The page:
Boat Outboards 2013

By Michael Vatalaro
Published: April/May 2013

The past decade has seen an amazing array of changes and improvements in outboard engines. If you haven't shopped for one lately, you're in for a nice surprise.

Different Strokes For Different Folks

You'll notice all of these manufacturers are trying to design an outboard that "performs like a two-stroke," which is precisely the reason that two-strokes haven't gone away, just cleaned up their act. Direct injection (DI) is the innovation that allows a two-stroke to run cleanly and efficiently. By separating the fuel injection from the intake of air into the cylinder and, more importantly, waiting until the piston has risen far enough up the cylinder bore to block the exhaust port before injecting the gas, a DI two-stroke doesn't blow any unburned gas right through the cylinder and out the exhaust like its carbureted cousins. And because this process is electronically rather than mechanically timed, the engineers can tweak the performance with software rather than wrenches.

While Mercury offers Optimax DI two-strokes and Yamaha still has their "High Pressure Direct Injection" two-stroke engines in their lineups, Evinrude has chosen to offer only DI two-strokes, called E-TEC. Karl Sandstrom, product manager of Evinrude Outboards, says that using computers to control engine timing, and the smallest details of when and how combustion happens, allows them to adjust for maximum efficiency under different operating conditions. "Forty percent of an outboard's duty cycle is at or near idle speed, either trolling or motoring in no-wake zones," he says. "With the computer power we have, the engine can act like a very small outboard when all that power isn't needed, then switch to homogeneous mode when it is."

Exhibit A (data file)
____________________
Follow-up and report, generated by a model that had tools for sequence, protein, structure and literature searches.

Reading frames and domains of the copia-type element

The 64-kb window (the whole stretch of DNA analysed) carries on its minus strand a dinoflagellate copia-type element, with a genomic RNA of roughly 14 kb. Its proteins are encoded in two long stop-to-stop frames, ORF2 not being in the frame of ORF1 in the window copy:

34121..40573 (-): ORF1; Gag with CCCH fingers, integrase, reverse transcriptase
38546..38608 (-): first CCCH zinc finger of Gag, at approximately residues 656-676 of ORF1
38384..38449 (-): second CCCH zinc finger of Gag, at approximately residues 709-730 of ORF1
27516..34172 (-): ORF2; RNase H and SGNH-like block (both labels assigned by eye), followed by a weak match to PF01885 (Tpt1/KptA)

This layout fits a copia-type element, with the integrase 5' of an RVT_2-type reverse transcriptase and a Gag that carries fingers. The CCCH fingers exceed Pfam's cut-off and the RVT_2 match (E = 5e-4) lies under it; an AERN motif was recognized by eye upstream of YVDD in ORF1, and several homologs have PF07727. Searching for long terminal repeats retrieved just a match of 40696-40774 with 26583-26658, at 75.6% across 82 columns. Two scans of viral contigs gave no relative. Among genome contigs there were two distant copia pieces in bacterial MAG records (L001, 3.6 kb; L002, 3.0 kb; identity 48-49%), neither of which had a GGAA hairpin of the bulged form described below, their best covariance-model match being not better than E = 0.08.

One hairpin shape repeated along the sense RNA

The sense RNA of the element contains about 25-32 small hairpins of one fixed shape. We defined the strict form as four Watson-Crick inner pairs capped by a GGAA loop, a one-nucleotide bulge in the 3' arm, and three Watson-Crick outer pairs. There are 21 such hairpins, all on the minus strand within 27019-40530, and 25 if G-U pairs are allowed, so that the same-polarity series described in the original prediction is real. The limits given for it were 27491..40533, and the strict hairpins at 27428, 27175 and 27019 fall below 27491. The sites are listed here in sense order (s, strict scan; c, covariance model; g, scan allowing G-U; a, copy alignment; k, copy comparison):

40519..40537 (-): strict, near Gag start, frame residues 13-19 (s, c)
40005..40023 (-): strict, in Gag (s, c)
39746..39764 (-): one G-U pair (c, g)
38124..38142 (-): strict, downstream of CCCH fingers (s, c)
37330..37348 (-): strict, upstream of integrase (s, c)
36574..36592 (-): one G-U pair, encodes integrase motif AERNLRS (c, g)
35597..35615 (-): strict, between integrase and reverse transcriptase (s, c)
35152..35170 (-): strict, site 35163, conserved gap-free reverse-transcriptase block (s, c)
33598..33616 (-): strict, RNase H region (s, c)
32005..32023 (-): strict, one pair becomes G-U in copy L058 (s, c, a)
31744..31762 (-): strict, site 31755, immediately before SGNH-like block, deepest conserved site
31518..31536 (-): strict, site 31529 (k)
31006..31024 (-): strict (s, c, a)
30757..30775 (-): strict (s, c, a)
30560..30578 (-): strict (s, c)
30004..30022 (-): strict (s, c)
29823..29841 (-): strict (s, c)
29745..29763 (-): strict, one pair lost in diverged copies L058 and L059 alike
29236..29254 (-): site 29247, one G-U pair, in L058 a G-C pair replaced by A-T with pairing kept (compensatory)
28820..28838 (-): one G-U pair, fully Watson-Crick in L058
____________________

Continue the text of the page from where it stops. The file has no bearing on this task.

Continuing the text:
Photo of Mercury's Optimax engine
Mercury's Optimax engines are beloved by bass fishermen for their
quick throttle response and fuel-thrifty ways.

At idle, he says, the computer can tell the engine to inject only a tiny amount of gas, far less than needed to create a combustion event that would fill all the space above the piston, which is typical. Instead of a big bang, you get a little pop, enough to keep the piston moving (stratified combustion). But hit the throttle and the engine switches to homogeneous (all the same) mode, and enough fuel flows to make the combustion event fill the entire space. This fuel-saving strategy has even made its way into newer-model cars.

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